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Closed Sessions

Code No.  212

Generally, board meetings will be open meetings, unless a closed session or exempt meeting is provided for by law.  The board will hold a closed session or exempt meeting in the situations stated below.

Exceptions to the Open Meetings Law

Closed sessions take place as part of an open meeting.  The item for discussion in the closed session will be listed as part of the tentative agenda on the public notice.  The motion for a closed session, stating the purpose for the closed session, will be made and seconded during the open meeting.  A minimum of two-thirds of the board, or all of the board members present, must vote in favor of the motion on a roll call vote.  Closed sessions will be tape recorded and have detailed minutes kept by the board secretary.  Final action on matters discussed in the closed session will be taken in an open meeting. 

The minutes and the tape recording will restate the motion made in the open meeting, the roll call vote, the members present, and the time the closed session began and ended.  The tape recordings and the written minutes will be kept for one year from the date of the meeting.  Real estate related minutes and tapes will be made public after the real estate transaction is completed.

The detailed minutes and tape recording will be sealed and will not be public records open to public inspection.  The minutes and tape recording will only be available to board members or opened upon court order in an action to enforce the requirements of the open meetings law.  The board has complete discretion as to whom may be present at a closed session.

Reasons for the board entering into a closed session from an open meeting include, but are not limited to, the following:

        1.       To review or discuss records which are required or authorized by state or federal law to be kept confidential or to be kept confidential as a condition for the board's possession or receipt of federal funds.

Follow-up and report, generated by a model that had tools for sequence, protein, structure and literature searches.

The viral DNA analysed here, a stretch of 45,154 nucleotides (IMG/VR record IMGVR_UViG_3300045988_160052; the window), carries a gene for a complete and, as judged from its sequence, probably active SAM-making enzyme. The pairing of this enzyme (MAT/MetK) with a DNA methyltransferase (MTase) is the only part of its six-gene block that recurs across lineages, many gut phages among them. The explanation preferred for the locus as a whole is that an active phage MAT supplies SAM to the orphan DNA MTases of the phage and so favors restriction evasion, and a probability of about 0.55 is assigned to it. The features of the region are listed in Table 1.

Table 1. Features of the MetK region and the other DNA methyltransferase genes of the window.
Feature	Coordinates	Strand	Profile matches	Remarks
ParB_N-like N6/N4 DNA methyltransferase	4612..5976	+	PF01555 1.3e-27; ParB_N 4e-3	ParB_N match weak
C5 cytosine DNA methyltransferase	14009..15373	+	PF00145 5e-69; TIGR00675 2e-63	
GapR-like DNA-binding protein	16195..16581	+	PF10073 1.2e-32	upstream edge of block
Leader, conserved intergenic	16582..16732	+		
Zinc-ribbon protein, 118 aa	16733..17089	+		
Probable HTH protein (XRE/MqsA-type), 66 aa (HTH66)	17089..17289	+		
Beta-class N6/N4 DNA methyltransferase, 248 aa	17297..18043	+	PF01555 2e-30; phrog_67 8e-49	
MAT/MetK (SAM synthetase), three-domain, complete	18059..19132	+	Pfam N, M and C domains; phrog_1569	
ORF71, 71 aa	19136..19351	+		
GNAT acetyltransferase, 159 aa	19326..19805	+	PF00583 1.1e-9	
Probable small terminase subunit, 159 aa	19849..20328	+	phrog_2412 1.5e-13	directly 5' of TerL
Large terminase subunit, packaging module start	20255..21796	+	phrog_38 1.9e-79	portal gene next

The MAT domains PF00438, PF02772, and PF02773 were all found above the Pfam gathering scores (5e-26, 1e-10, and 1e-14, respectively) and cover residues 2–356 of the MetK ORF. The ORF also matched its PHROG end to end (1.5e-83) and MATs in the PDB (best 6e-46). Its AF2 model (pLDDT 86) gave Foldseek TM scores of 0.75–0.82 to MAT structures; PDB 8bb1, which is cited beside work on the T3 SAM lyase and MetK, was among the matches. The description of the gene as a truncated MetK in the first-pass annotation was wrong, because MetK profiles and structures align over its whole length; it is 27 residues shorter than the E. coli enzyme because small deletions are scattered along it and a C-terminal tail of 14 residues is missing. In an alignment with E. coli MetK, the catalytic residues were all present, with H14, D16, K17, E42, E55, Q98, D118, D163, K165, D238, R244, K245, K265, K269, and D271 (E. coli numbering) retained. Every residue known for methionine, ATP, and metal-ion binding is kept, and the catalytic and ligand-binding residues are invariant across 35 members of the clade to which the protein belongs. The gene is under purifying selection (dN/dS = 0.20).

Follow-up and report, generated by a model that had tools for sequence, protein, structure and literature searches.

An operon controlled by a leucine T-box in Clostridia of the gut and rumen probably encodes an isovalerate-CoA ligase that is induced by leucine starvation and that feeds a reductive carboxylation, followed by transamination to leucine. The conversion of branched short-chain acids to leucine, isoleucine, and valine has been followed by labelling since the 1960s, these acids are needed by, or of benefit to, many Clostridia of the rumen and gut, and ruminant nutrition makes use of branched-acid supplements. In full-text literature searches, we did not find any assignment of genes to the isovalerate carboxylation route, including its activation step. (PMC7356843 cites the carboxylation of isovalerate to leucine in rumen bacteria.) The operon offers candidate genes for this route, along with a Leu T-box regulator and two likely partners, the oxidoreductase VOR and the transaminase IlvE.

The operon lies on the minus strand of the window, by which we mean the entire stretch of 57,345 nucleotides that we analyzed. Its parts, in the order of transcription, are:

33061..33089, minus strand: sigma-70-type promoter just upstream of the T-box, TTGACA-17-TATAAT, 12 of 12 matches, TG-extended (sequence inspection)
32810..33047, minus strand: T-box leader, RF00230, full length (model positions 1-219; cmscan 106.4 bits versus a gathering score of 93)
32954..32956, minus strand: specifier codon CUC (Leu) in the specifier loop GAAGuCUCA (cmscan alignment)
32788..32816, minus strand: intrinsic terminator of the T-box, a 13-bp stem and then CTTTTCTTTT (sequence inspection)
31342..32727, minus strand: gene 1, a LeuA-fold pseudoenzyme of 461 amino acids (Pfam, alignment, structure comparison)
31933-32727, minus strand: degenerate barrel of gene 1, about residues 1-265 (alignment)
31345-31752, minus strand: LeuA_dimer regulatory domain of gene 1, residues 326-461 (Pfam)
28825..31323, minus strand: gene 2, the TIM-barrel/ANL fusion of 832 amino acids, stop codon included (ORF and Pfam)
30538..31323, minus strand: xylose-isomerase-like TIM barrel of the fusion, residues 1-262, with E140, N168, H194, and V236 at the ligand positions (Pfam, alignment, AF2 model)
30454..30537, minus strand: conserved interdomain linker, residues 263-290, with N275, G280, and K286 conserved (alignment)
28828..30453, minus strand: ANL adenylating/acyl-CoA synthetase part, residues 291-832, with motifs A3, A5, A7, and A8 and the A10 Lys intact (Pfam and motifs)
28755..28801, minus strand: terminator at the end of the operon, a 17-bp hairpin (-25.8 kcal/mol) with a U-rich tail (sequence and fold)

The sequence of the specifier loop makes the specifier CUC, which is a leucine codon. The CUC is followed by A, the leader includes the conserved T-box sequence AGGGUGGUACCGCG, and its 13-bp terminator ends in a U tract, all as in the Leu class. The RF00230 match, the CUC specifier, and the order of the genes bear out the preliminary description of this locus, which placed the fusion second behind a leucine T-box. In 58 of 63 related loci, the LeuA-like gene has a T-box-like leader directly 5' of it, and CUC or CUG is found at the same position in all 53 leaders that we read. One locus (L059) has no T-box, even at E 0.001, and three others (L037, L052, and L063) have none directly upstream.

2.       To discuss strategy with legal counsel in matters presently in litigation, or where litigation is imminent, if disclosure would be likely to prejudice or disadvantage the board.

        3.       To discuss whether to conduct a hearing, or conduct a hearing for suspension or expulsion of a student, unless an open meeting is requested by the student or the parent of the student.

        4.       To evaluate the professional competency of an individual whose appointment, hiring, performance, or discharge is being considered when a closed session is necessary to prevent needless and irreparable injury to that individual's reputation and that individual requests a closed session.

        5.       To discuss the purchase or sale of particular real estate, but only when premature disclosure could be reasonably expected to increase the price the board would have to pay for the property, or in case of a sale reduce the price the board could receive for the property.

Exemptions to the Open Meetings Law

Board meetings at which a quorum is not present, or gatherings of the board for purely ministerial or social purposes when there is no discussion of policy or no intent to avoid the purposes of the open meetings law, are exempt from the open meetings law requirements.  Since gatherings of this type are exempt from the open meetings requirements, they can be held without public notice, be separate from an open meeting, be held without taping the gathering or taking minutes, and be held without a vote or motion.  The board may also hold an exempt session for the following:

        1.       negotiating sessions, strategy meetings of public employers or employee organizations, mediation and the deliberative process of arbitration;

        2.       to discuss strategy in matters relating to employment conditions of employees not covered by the collective bargaining law;

        3.       to conduct a private hearing relating to the recommended termination of a teacher's contract.  The private hearing however, in the teacher's contract termination will be recorded verbatim by a court reporter; and

        4.       to conduct a private hearing relating to the termination of a probationary administrator's contract or to review the proposed decision of the administrative law judge regarding the termination of an administrator's contract.
 

See Policy Primer August 9, 2011

 

Legal Reference:          Iowa Code §§ 20.17; 21; 22.7; 279.15, .16, .24 (2011).

                                    1982 Op. Att'y Gen. 162.

                                    1980 Op. Att'y Gen. 167.

                                    1976 Op. Att'y Gen. 384, 514, 765.

                                    1972 Op. Att'y Gen. 158.

                                    1970 Op. Att'y Gen. 287.

 

Cross Reference:          208      Ad Hoc Committees

                                      211      Open Meetings

Initially Approved 03-08-1999            Last Reviewed 03-12-2012           Last Revision 03-12-2012
Policy No.  212

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